Wakatobi

UNESCO World Heritage Sites

Wakatobi

Marine National Park

Wakatobi National Park is one of the national parks in Indonesia. It is located in Wakatobi Regency, Southeast Sulawesi. This national park was established on August 19, 2002 based on the Decree of the Minister of Forestry Number 7661/Kpts-II/2002.

The land used is 1.39 million hectares. Previously, this national park had also been established by the Decree of the Minister of Forestry Number 393/Kpts-V/1996. Wakatobi National Park consists of 25 clusters of coral reefs along 600 km.

Wakatobi is an acronym for the names of four major islands, namely Wangi-wangi Island, Kaledupa Island, Tomia Island and Binongko Island. The sea waters vary from flat, sloping towards the sea, and steep-lipped. The depth of the water varies with the deepest part 1,044 meters. The sea surface is sandy and rocky.

In this national park there are 112 species of coral from 13 families. In addition, there are 93 types of ornamental fish and several types of turtles. There are also several types of seabirds such as the brown rock goose, Malay plover and the Erasian king prawn. Wakatobi National Park borders the Banda Sea to the north and east. In the south it is bordered by the Flores Sea, while in the west it is bordered by Buton Island.

Location and topography

Wakatobi National Park is located south-east of Sulawesi, between 05°12’-06°10’S and 123°20’-124°39’E, between the Banda Sea to the north-east and the Flores Sea to the south-west.

It consists of four larger islands: Wangi-Wangi, Kaledupa, Tomia and Binongko, as well as many small islands such as Tokobao, North Lintea, South Lintea, Kampenaune, Hoga and Tolandono.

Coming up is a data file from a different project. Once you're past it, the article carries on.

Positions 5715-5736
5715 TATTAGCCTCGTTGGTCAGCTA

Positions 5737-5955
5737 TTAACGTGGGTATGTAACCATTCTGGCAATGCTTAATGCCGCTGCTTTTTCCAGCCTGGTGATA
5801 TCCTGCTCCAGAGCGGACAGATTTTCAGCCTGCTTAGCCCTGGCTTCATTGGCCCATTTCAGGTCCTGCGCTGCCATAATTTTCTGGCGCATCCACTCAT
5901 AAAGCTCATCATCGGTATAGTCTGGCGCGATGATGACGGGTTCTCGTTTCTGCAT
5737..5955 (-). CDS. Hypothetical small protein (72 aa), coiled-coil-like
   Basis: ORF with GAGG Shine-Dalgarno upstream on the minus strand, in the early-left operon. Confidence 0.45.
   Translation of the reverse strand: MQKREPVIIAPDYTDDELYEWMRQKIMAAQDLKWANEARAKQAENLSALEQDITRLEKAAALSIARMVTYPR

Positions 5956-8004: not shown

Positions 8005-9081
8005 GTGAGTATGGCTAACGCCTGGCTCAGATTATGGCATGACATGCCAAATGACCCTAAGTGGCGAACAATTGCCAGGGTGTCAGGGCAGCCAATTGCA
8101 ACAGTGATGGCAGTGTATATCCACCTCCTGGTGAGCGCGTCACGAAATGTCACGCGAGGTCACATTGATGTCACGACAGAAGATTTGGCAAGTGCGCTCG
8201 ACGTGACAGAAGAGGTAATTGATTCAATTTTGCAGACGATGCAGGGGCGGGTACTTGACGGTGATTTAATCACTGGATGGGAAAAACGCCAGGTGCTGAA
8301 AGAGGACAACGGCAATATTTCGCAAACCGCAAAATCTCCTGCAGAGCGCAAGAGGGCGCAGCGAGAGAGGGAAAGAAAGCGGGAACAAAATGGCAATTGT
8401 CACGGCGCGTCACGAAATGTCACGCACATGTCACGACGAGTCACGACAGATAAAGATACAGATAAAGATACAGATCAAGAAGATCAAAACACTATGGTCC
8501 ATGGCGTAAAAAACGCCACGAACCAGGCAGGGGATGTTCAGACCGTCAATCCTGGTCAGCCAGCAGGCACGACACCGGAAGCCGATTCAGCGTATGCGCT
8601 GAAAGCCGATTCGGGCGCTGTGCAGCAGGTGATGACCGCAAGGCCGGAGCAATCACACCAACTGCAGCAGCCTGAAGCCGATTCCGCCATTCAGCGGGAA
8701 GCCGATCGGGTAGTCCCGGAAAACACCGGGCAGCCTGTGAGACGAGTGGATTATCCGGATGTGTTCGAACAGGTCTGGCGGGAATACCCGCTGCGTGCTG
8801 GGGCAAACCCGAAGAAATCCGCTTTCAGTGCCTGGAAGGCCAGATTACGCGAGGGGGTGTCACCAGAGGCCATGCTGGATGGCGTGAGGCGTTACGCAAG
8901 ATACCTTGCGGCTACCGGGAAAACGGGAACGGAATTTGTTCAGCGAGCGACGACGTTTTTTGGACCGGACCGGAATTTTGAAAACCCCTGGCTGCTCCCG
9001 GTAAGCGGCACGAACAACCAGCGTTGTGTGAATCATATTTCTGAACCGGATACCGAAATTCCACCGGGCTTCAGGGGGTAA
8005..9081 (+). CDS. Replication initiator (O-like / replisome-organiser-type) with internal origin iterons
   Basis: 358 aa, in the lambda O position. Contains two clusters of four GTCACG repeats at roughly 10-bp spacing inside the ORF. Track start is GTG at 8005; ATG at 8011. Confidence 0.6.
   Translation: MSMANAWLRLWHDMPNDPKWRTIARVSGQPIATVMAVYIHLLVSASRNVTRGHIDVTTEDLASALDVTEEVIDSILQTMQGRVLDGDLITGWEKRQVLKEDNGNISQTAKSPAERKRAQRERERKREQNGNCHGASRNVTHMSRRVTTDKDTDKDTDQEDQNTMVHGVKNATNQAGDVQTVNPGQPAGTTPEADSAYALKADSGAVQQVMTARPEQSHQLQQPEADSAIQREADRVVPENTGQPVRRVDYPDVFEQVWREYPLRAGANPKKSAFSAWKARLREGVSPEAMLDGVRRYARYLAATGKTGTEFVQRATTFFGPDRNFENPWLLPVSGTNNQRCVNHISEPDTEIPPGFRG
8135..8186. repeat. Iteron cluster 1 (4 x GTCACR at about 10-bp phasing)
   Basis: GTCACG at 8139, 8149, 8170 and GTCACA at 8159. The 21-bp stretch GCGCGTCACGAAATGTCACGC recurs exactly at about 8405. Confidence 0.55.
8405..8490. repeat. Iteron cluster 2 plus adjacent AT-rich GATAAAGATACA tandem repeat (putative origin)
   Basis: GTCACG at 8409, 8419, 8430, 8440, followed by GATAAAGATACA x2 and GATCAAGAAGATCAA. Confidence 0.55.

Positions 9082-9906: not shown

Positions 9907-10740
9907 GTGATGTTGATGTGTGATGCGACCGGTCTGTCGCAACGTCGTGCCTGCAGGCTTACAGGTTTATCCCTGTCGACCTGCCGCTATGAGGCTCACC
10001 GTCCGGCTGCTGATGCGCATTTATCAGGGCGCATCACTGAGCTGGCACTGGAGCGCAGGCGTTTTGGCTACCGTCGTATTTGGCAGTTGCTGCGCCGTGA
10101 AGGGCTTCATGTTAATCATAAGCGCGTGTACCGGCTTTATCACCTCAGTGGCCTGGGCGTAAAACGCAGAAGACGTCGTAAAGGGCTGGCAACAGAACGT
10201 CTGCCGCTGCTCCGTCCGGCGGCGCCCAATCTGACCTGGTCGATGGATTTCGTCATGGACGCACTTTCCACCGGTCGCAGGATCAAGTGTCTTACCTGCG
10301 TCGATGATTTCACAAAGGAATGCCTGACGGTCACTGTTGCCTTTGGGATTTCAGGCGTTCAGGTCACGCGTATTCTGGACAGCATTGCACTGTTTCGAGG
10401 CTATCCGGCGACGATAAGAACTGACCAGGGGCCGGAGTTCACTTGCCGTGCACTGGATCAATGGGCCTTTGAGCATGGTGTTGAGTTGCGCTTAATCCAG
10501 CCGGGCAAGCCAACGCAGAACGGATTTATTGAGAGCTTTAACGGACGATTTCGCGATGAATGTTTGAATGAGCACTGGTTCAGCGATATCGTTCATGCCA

The highest elevation is 274 metres (899 ft) on Wangi-Wangi, followed by Lagole Hill (271m) on Tomia, Terpadu Hill (222 m) on Binongko and Mount Sampuagiwolo (203 m) on Kadelupa. The water depth varies, with the deepest parts reaching 1,044 metres (3,425 ft).

It is the third largest marine park in Indonesia. Jacques Cousteau is said to have called the Wakatobi islands – then known as the Tukangbesi islands: an “Underwater Nirvana”. Now a national marine park covering the entire Waktobi District, it comprises 1.4 million hectares, of which 900,000 host tropical coral reefs. The islands form the largest barrier reef in Indonesia.

It is the habitat of large and small fish species, dolphins, turtles and whales. The island group comprises 143 islands of which 7 are inhabited, counting a total population of around 100,000. Most notable are the Bajo communities, seafaring nomads who inhabit many of Indonesia’s remote islands.


Flora and fauna

Located in the Asia-Pacific World Coral Triangle, in the province of Southeast Sulawesi, the Wakatobi Islands offer clear waters and a rich bio-diverse underwater life. Wakatobi hosts 942 fish species and 750 coral reef species (of 850 globally), versus 50 in the Caribbean and 300 in the Red Sea.

Habitats found in the national park are mangrove forest, coastal forest, lowland swamp forest, riverbank vegetation, lowland rainforest, mountain rainforest and coral reefs. The Wakatobi Archipelago has 25 groups of coral reefs including fringing reefs, barrier reefs and atolls.

A survey conducted in 2003 identified 396 species of coral belonging to 68 genera and 15 families. These include Acropora formosa, Acropora hyacinthus, Psammocora profundasafla, Pavona cactus, Leptoseris yabei, Fungia molucensis, Lobophyllia robusta, Merulina ampliata, Platygyra versifora, Euphyllia glabrescens, Tubastraea frondes, Stylophora pistillata, Sarcophyton throchelliophorum, and Sinularia species.

Among the recorded species of seabirds are the brown booby, common kingfisher and Malaysian plover. Turtles in the park include the hawksbill, loggerhead and olive ridley.

Wakatobi

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coral reef clusters
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species of ornamental fish
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(km2) Total Area